SPRINGFIELD -- Buoyed by successful petition drives to place the 2011 state law that legalized casinos before voters in November, the group Repeal the Casino Deal is reorganizing for a final push.
With a Boston office now open and another in Springfield opening this week, Darek Barcikowski, the group's campaign manager, said the plan is to expand upon the organization's previous grass-roots efforts.
"For us, this will pretty much be a ground game," Barcikowski said. "We will be on air with advertisements, but we might not be able to compete with the [gambling] industry."
He and the group's Western Massachusetts coordinator, Alan Cabot, said the organization intends to call on the more than 200 volunteers who gathered signatures to place the referendum on casino gambling on the Nov. 4 ballot.
Question 3 will seek repeal of the casino legislation.
With those people and new volunteers, gambling opponents plan to reach out to voters and spread their message in person, by going door-to-door, through phone messages, email, and social media, and by scheduling informational events around the state.
"We are confident this can be a winning strategy," Barci kowski said, citing campaigns in individual communities where casino projects were rejected despite citizen groups being greatly outspent by proponents.
"We can't match them over the airways, on TV," Cabot said, "so we have to battle them with arguments."
Casino proposals have been voted down in Palmer, Mil ford and West Springfield.
"We consider it an educational and a health issue," Cabot said, and a principal goal will be to spread information about the negative effects on families and on crime rates, and to challenge the overall economic benefit of casinos.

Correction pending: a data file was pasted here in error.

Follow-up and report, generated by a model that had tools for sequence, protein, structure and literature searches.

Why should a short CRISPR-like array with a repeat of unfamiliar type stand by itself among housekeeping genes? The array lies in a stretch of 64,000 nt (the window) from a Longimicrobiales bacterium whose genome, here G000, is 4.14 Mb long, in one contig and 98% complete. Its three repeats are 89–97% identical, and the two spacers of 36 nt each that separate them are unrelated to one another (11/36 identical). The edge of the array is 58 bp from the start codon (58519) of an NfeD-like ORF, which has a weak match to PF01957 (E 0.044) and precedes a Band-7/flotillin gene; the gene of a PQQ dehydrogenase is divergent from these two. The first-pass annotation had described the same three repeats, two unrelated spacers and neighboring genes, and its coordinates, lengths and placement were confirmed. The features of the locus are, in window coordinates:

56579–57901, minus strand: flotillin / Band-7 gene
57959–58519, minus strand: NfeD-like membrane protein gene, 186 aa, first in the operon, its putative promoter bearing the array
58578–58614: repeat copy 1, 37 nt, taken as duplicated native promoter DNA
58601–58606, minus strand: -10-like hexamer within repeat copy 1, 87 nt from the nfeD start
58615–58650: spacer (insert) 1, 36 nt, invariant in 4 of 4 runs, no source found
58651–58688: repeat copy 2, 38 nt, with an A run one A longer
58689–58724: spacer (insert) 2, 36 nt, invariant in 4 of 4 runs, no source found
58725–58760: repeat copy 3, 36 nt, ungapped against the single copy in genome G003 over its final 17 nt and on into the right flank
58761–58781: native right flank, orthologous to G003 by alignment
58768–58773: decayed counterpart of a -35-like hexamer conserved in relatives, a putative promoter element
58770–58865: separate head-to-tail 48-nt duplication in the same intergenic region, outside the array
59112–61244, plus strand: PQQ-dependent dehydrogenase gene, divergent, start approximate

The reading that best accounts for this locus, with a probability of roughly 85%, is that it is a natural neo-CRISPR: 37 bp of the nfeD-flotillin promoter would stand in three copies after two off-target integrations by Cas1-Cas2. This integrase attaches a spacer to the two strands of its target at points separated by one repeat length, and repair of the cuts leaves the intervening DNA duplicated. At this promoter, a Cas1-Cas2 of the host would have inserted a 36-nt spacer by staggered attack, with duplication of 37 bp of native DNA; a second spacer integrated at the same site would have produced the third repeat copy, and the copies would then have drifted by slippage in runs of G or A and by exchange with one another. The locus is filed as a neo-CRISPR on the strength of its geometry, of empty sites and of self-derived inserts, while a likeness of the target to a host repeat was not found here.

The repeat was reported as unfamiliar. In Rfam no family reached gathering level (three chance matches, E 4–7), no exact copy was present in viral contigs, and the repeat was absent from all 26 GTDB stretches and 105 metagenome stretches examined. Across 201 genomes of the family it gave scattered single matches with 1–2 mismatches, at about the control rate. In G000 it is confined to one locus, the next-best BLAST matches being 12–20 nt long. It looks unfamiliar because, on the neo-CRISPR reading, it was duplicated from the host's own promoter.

Cabot said that in addition to the outreach efforts, there will be a number of events scheduled at schools, churches and other sites where speakers will give a presentation on gambling-related topics.
Lee Cheek, of Egremont, was one of the volunteers who helped gather signatures to place the question on the Nov. 4 state ballot.
"I became interested in the casino question when it first came up," said Cheek, referring to legislation that passed in November 2011.
Cheek said she was particularly impressed by research using medical scanning equipment which concluded that "in brain imaging on cocaine and on the new [electronic] slot machines, you can't tell which is on crack and which is [in front of] a slot machine."
"I thought, why should the state be involved in that?" Cheek said.
She was also convinced by reports that the newer slot machines, which are easy to play quickly and repeatedly and accept credit cards, "are designed to get you to play to extinction ... You can really get lost in that world."
Cabot said the first signature drive in 2013 collected 68,000 signatures supporting placement of the referendum on the state ballot, while the second -- required because the Legislature declined to place the question on the ballot -- needed at least another 11,485 signatures to force its inclusion this fall.
Nearly 27,000 signatures were gathered in that second effort, Cabot said.
In addition, according to Barcikowski, the campaign gathered more interest and momentum when Attorney General Martha Coakley ruled that the question did not have to be included on the ballot, but that decision was unanimously overturned in June by the state Supreme Judicial Court.
Coakley had argued that a repeal via referendum would affect the implied contract rights of the casino developers and would be unconstitutional.
Cabot said reaching out to those who signed the petitions and the volunteers will provide a solid base to build the fall campaign in each region and community of the state.
Anyone interested in be coming involved can find information on the website, www.re pealthecasinodeal.org or through social media, he said.
To reach Jim Therrien:
or (413) 496-6247.
On Twitter: @BE_therrien